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My Husband is Tortured by Inner Demons from Childhood and Crack Has Been His Outlet

I have been married to my husband for 8 years and together for 10. I work in a professional job and he is a small business owner - hard working and amazing at what he does. For the most part - I'd say we are happy. He is wonderful with our two little boys ... they look up to and admire him.

Even in the worst of times - he has always provided and I have become dependent on that in many ways. My husband is the polar opposite of me. While I grew up in a stable and happy environment - his life was full of pain and hurt. He suffers with serious post traumatic stress issues from his childhood.

It wasn't until a few years into our marriage that I began to learn such things ... in hindsight - I saw warning signs early on that I chose to ignore. Over the past 4 years there have probably been 6 occasions where my husband left to go somewhere on a Friday and didn't return until late Sunday evening. Each time devastated me.

I was filled with feelings of guilt, shame, and worry. Guilt for the impact it could have on my kids ... shame for staying with a man that was capable of this ... "how am I married to a crack head?" and shame for thinking about giving up on him ... I worried about his safety if I were to abandon him like everyone else rather than supporting him.

I constantly worry and weigh what is better; to love and support him and keep him in our boys lives that way ... or be done with the marriage and see what happens. I worry that he wont be able to get better without us. He loves his family to no end ... but his love is killing me.

He was hospitalized once ... follows through - sporadically with a psychiatrist. Has met with an anger management specialist, once. But has never fully committed to a path of recovery. For him - he feels it is hopeless. No one will be able to understand him. No one will be able to help - he's just that bad.

Do I stay if he is willing to commit 100% to a treatment path? or will that never work - do I need to leave for him to feel the real consequences of his actions? It is so hard for me to let go... but in the same breath ... is it hopeless?

Is he right - will treatment never work for him? If I don't make changes now - am I destined for this roller coaster the rest of my life? And my boys... what type of impact is it going to have them? Looking for a crystal ball.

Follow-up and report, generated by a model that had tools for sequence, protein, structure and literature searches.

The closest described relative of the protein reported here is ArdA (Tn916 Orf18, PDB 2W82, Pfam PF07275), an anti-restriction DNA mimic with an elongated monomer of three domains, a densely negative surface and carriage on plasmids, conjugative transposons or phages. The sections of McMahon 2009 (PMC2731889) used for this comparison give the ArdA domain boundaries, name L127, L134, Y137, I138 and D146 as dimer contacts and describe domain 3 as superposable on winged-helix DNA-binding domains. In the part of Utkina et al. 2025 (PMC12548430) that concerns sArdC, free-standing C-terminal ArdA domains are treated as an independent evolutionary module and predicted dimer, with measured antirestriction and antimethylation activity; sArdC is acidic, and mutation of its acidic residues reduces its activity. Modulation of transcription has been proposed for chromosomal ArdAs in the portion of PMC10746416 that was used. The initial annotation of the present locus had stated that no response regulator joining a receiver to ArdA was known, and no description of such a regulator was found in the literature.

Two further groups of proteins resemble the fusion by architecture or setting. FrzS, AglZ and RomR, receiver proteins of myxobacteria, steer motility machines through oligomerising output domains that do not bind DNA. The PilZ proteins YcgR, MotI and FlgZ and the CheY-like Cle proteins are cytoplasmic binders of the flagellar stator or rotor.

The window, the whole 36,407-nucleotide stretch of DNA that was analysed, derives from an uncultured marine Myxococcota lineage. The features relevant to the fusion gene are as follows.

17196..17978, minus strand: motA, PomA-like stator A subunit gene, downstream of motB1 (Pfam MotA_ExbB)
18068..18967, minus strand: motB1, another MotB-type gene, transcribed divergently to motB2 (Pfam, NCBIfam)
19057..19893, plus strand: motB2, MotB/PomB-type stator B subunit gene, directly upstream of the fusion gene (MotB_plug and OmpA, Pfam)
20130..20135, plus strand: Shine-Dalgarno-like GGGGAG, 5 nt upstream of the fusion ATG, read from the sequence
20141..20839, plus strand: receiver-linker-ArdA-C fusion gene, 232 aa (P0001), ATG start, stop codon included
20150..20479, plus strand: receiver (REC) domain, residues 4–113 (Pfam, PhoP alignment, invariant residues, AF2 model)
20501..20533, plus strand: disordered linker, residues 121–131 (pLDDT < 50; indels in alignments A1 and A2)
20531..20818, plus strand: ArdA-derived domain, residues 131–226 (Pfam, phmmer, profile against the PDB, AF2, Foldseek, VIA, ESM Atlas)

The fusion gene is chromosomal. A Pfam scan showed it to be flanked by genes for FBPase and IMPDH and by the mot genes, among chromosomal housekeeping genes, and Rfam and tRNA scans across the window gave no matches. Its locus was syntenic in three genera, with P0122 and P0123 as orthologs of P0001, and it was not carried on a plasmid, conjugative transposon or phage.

Unfortunately none of us have a crystal ball and can predict what will happen in the future. All we do know is that all actions have consequences - and that the choices and decisions we make now, will have consequences in some way or other down the line.

Is anyone beyond help or treatment? I don't think so. Sure, some have have more pain or stuff to deal with, but with a genuine willingness to face those demons and heal old wounds, anyone can change or transform. The two main ingredients required are i) courage - because it takes lots of courage to face up to our inner demons and old wounds ii) patience - because change and healing takes time.

So I think your husband is understandably scared. It's easier to keep his demons locked away somewhere in his mind, than have to confront and deal with them. Unfortunately then when something happens that pushes him 'over the edge' whereby some of those demons start re-appearing, his crack addiction becomes his outlet.

There is no uniform approach to use when dealing with a loved one suffering from an addiction or substance abuse. In many cases using a firm, yet loving approach, with clear boundaries and consequences is the way to go. But because your husband seems to have experienced such major trauma, initially a more gentle and persuasive approach may work best.

The main thing is - he needs to get professional help. So you need to try and take that 'fear factor' away from him, or at least make it seem more manageable, and in doing so encourage him to get the help he needs. Talk to him about the impact what he's doing has on the kids and you. If he's committed to being a good husband and father - the thought of hurting his family may motivate him to do something.

So try that and see how it goes. It may not work and you may then have to consider putting clear boundaries in place with definite consequences if he continues on his path, but for someone who has gone through so much trauma, maybe a gentle push and some encouragement will do the trick.

Remember this - we can't control or cure someone else's addiction. Only your husband can face up to his demons and deal with the various manifestations like his crack addiction. But you can try and provide the motivation for doing so.

If nothing works, then yes eventually you will have to reconsider your future and what you want. Because your husband is entirely responsible for his life ... as you are yours. But hopefully it doesn't get to that.

Good Luck and God Bless

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